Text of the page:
YES, I have a MySpace page and I love using it as another way to reconnect with some of my friends.

And YES, on the flip side, I’ve often said MySpace is the “ruination of relationships” – married or otherwise. But I don’t blame MySpace for that.
I blame dumb people (usually guys) or na├»ve people (usually girls) who use MySpace for those purposes. (I’m ONLY joking with the gender inferences!)

Anyway, I do tend to think kids and MySpace are about as bad a combination as kids and liquor, gambling or anything else bad.
And Lord knows there’s plenty of stories out there to back my claim.

However, I ran across this interesting MSNBC story that suggests otherwise. In fact, it actually said a recent survey proved quite the opposite: That MySpace can actually be good for teenagers. Well, shy teenagers, to be more specific.

I’m not sure if I’m buying it 100 percent, but what do you think? Do you think MySpace can be good for the kids? Or should it be just for adults?
Do YOU MySpace? Or are you one of those folks who think social networking is just weird, period?

Wednesday, April 23, 2008

When will it end?

Hillary Clinton and Barack Obama may have to arm wrestle to determine who will be the Democratic nominee for the presidency.

I was looking forward to some closure after the Pennsylvania primary. I thought if Hillary lost this one, she'd bow out. Or, if Hillary won by some ginormous margin, then Barack would've exited the race.

I knew it was a long shot, but when will this madness be over?

I don't know about you, but the Democratic battle has gotten old for me. The appeal of electing the first woman or the first black for president is not as exciting as it once was (DISCLAIMER: That last sentence does not mean I will/did vote for either of the two candidates).

After her win, the former first lady said:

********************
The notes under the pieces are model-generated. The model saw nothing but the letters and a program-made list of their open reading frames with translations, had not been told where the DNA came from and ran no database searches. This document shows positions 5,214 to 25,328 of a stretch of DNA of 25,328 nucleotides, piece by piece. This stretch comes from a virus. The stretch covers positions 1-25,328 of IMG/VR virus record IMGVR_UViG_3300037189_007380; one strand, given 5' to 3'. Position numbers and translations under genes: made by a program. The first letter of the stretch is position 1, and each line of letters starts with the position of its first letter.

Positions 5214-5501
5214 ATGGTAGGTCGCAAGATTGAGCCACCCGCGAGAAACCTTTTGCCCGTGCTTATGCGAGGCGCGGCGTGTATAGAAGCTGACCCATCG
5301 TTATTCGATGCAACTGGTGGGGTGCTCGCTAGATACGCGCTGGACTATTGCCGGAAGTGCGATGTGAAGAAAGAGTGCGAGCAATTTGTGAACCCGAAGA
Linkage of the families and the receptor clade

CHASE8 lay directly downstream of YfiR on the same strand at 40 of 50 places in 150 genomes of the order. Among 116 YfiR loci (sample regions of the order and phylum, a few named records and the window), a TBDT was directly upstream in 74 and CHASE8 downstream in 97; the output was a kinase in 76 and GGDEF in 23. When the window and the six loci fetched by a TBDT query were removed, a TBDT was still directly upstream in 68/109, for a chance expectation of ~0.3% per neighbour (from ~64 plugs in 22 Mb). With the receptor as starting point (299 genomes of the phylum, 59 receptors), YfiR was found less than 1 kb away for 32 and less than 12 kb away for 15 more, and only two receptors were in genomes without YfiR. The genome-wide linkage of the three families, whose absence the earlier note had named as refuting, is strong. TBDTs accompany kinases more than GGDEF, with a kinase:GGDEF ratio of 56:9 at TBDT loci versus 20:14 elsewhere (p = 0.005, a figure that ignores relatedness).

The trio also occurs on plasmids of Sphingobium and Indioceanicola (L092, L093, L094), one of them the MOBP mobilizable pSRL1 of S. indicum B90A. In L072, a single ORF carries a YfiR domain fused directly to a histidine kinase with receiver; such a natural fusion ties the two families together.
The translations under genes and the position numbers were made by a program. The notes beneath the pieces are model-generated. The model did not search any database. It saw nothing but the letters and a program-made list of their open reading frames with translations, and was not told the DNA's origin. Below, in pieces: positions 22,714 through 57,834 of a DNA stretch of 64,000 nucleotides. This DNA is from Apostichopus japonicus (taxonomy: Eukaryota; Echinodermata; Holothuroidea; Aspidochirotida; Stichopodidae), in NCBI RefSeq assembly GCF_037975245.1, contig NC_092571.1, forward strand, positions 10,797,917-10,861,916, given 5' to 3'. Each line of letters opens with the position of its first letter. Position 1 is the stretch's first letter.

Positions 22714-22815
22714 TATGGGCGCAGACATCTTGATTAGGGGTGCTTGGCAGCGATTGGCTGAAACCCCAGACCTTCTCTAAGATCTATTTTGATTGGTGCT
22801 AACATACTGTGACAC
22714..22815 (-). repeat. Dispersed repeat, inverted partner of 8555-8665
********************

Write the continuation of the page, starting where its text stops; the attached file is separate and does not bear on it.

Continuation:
"Some counted me out and said to drop out. But the American people don't quit. And they deserve a president who doesn't quit, either. Because of you, the tide is turning."

Yikes.

It's never going to end.

Who do you think will win the arm wrestling match?

Discuss.

Tuesday, April 22, 2008

Green is the new black

Lately I've been looking to different sources for news on global warming, what's going on with the environment and how we can help.

What have I learned? To go green is to be cool and trendy.

The "green" theme was all over my magazines this month.
Vanity Fair - the third annual Green Issue (and Madonna)
Elle - Green Issue (and Madonna) with online components like the Eco Chick blog
Both Time and Newsweek have also been encouraging folks to "go green" with ads on recycling, stories with "10 fixes for the planet" and of course, where the presidential nominees stand on the issue.

I guess my concern is that helping the environment is treated like a trend, a fad, instead of a life change we all may need to make to preserve the Earth...and ourselves. And with it being treated like a fad, I'm worried that, like most trends, being eco-friendly has the potential to go out of style.

Environmental issues are not new. They existed way before Vanity Fair decided to publish its first Green Issue. (Side note: In an interesting post, blogger Frank Locantore pointed out how Vanity Fair's issue was a lot of talk with no substance. He points out that the magazine never mentions their own efforts to be eco-friendly and doesn't even use recycled paper for their mag.)